monitoring and/or treatment. GPs involvement in the regular monitoring of patients with chronic hepatitis B was affected by their capacity to have meaningful involvement in the clinical management of patients, the understanding of patients about chronic disease management, treatment expectations, and an effective recall system. Inconsistency in monitoring practices were reported with only a minority of GPs using hepatitis B virus DNA viral load testing, and only one participant reporting monitoring patients who were hepatitis B e antigen negative or positive. Three GPs indicated that they referred all their patients with chronic hepatitis B to a specialist given a lack of confidence in their knowledge and skills around hepatitis B. Most participants were willing to be involved in treatment

It’s never too early for further GP training

with chronic hepatitis B, and several suggested that this model was inevitable given the limited resources and capacity of liver clinics. Some participants believed that while a specialist should initiate treatment, GPs could play a role in continuing treatment. There is a discrepancy in current prescribing rights where GPs who are permitted under the S100 Pharmaceutical Benefits Scheme to prescribe a drug used in both HIV and in hepatitis B treatment, are unable to prescribe this same drug for hepatitis B monoinfection. Almost all participants regardless of their perspective about GP involvement in treatment emphasised a need for training and specialist support.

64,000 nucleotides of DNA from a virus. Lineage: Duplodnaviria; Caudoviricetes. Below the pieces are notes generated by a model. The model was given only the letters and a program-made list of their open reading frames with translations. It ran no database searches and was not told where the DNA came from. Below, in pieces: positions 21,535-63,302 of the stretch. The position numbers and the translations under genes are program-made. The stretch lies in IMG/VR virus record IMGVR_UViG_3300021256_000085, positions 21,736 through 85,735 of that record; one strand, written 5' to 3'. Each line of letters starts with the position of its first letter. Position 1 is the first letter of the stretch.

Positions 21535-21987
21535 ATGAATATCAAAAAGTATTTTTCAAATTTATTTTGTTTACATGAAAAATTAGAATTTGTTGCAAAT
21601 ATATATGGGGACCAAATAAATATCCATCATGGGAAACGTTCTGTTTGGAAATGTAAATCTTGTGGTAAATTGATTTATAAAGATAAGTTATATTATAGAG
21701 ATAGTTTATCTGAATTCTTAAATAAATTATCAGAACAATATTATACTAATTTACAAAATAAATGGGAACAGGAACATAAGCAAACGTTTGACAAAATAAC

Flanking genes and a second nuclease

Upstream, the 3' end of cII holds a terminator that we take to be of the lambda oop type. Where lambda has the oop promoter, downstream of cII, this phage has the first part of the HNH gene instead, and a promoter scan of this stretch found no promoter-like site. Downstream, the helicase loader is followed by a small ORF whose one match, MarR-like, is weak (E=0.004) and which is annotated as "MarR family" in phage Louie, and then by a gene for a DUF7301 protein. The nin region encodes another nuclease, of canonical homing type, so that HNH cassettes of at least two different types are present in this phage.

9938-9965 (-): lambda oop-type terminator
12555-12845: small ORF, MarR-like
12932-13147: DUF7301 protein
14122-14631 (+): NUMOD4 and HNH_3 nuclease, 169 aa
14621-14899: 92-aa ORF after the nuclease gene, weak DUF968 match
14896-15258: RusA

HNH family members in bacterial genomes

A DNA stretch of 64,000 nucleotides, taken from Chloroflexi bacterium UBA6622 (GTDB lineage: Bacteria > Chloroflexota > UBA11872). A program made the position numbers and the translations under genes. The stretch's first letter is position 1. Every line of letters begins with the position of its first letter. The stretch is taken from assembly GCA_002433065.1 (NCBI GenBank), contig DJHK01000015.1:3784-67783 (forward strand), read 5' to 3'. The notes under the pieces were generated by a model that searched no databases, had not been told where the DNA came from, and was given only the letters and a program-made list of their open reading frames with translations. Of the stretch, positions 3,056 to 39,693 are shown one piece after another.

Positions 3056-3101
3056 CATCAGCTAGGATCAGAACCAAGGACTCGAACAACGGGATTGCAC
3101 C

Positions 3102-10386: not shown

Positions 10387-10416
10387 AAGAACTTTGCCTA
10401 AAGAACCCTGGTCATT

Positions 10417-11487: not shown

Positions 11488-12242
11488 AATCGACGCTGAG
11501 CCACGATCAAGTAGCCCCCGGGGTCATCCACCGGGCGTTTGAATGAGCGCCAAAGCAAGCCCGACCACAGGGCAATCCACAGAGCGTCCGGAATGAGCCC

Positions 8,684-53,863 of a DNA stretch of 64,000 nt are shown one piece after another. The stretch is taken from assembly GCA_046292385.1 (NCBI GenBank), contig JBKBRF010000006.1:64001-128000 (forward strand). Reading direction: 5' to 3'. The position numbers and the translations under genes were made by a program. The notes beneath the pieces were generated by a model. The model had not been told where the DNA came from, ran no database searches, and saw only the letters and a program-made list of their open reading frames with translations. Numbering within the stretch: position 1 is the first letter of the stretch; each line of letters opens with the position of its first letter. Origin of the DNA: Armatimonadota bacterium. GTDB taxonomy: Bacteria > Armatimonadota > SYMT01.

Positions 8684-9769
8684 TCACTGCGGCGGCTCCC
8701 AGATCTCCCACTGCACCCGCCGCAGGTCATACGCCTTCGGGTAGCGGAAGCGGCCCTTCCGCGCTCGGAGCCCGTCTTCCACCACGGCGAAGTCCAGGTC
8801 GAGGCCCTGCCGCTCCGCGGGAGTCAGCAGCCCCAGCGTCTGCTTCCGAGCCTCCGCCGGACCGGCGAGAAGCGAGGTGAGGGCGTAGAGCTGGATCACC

Image Celeste Hodges (

Several GPs expressed a need for expert advice when facing complicated cases within their practice, however most stated that there was no effective or accessible process for this to occur. The adequacy and timeliness of feedback from the public hospital system about patients who had been referred to these services concerned several participants. Providing specific and detailed information about the clinical management of patients who had been sent to specialist clinics was identified as important for the professional development of GPs. The role of general practice was described as including more than diagnosing, monitoring and referral, and included mediating between patient, specialist and the hospital and health system. This broader role included preparing patients for

procedures such as liver biopsy and providing information about treatment options, and ongoing support of the patients after the specialist appointment. This ongoing support included answering questions that patients were unable to ask specialists or that had been inadequately explained. Systematic challenges to the role of GPs in chronic hepatitis B related primarily to the administration of Medicare. These challenges include: • The financial benefit of conducting shorter rather than long consultations affected the willingness of GPs to spend the time to ensure that people with chronic hepatitis B understood the implications of the infection • A fear of being audited by Medicare for over-servicing of patients, particularly for GPs caring for large numbers of patients born in high or intermediate prevalence countries • The administrative requirements of the GP Management Plan (GPMP) for chronic diseases, and for some GPs, an ethical question that participation in this plan implies. Few GPs described stigma as a significant issue in relation to their role in hepatitis B. This perspective resulted from the high prevalence of chronic hepatitis B within particular communities and the intergenerational and familial nature of hepatitis B for most people with chronic hepatitis B. The findings of this study support the development and